I know there are approximately twenty-five Snow White “reimaginings” rolling out this summer, but one of them should include the around-the-clock maintenance it takes for someone of that coloring to avoid looking like Sasquatch. As a lady with jet-black hair and pasty white skin, let me tell you: it is a time commitment. Even if you handed out tweezers and waxing strips to each of the seven dwarves, the work would never end, even if they whistled the entire time. (Please go to sleep tonight with the image of a tiny, bearded man giving you a Brazilian. Sweet dreams, my loves.)
Because of my hirsute nature, I like having a convenient place to get my eyebrows done. Otherwise, time lapses, and I end up going on commercial auditions hoping the company envisioned Frida Kahlo to hustle its energy drinks. So when “Wonderful Eyebrows” first opened within blocks of my apartment, I was pumped, until I realized that its business model is “wreak emotional devastation until the clients agree to extra services.” Filmmakers of America: when is someone going to make a documentary about the bullying that takes place in eyebrow threading salons?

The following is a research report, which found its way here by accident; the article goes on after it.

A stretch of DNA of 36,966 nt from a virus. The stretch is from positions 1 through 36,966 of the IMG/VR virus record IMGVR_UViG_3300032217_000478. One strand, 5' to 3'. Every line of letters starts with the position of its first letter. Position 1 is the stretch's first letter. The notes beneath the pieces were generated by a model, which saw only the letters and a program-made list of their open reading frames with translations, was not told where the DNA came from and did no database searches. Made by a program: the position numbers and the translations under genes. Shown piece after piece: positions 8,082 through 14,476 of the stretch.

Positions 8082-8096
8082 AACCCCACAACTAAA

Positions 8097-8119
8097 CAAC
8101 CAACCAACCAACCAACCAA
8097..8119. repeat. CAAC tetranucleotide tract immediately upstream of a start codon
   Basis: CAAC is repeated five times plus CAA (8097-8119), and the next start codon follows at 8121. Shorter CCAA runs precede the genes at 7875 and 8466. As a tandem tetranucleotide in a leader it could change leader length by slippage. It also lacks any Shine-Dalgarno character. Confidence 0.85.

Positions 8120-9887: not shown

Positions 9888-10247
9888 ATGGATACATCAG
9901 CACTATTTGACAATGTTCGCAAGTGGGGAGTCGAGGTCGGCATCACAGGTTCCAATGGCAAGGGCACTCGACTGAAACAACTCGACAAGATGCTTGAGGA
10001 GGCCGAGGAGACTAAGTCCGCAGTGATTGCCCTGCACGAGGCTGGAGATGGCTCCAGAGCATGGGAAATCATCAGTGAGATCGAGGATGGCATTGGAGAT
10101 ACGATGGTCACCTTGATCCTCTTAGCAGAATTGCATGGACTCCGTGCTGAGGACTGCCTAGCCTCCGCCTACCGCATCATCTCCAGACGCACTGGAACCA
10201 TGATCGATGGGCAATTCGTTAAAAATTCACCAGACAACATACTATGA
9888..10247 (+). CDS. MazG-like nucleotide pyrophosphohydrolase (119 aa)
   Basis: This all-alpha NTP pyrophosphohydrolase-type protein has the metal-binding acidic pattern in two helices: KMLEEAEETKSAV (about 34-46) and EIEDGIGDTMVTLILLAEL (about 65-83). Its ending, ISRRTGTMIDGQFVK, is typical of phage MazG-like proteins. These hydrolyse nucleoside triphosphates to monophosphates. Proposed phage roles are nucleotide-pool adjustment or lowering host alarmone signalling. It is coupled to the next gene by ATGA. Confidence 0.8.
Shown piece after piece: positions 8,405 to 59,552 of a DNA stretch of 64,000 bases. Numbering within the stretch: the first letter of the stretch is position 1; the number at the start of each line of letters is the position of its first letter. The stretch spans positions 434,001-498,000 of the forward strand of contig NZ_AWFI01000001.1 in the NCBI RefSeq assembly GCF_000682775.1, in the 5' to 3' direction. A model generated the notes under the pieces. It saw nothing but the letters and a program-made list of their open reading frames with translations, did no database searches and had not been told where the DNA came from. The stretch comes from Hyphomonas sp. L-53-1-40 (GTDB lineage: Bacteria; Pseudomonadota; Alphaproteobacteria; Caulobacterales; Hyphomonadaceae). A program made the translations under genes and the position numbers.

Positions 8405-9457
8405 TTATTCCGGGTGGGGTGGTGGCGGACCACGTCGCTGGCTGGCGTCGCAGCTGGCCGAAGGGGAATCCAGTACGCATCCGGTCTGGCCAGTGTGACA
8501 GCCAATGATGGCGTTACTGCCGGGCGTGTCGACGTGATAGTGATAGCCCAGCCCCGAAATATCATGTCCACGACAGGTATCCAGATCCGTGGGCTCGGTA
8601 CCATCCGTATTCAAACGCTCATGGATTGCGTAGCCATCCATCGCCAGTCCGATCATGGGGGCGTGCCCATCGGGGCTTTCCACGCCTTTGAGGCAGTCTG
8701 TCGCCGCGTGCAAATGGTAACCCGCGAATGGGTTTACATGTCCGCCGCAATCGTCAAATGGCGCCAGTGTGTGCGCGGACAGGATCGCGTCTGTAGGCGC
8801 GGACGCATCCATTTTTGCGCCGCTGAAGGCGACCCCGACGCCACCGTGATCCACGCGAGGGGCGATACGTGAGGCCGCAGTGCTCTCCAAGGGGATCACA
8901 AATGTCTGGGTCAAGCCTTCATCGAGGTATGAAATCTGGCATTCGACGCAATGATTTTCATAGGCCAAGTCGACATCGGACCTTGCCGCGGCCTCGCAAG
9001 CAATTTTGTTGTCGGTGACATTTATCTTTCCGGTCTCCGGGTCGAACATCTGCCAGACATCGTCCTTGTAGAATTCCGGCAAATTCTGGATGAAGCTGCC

I am no stranger to bullying. In fact, it was thanks to middle school bullies that I realized that ten-year-old girls usually have two eyebrows instead of one thick mask of fur across their forehead. So I was very surprised that in my adult life, my eyebrows would be at the (now delineated) center of another hostile environment.
This is how it usually goes during an appointment at “Wonderful Eyebrows”: a woman forcefully rips out my hair. Afterward, she hands me a mirror so I can survey the new shape of my eyebrows, surrounded by large patches of swollen skin. As I hand back the mirror, she asks if I am happy with the shape. I compliment her work, and she responds, “Your skin is very terrible. You should get a facial.” Sometimes she dramatically points to her own face to underscore my trouble spots. “Terrible, terrible.”
Isn’t making me cry by RIPPING HAIR OUT OF MY FACE WITH THREAD enough? Must they go after my pores? …And why do I keep returning to this place time and time again?
At my last appointment, I decided to take charge of the situation. As soon as I sat down in the chair, I told her I only had time for eyebrows, although I “knew they offered lots of great services.”
And then I employed a tactic favored by bullied children everywhere: point out your own flaws first. “I tried a free sample of face cream last week and I broke out into hives,” I said. “I know my skin hasn’t calmed down yet.”
“Why are you using free face cream when you could have a facial for your terrible, terrible skin?”
Image via iBeautyLine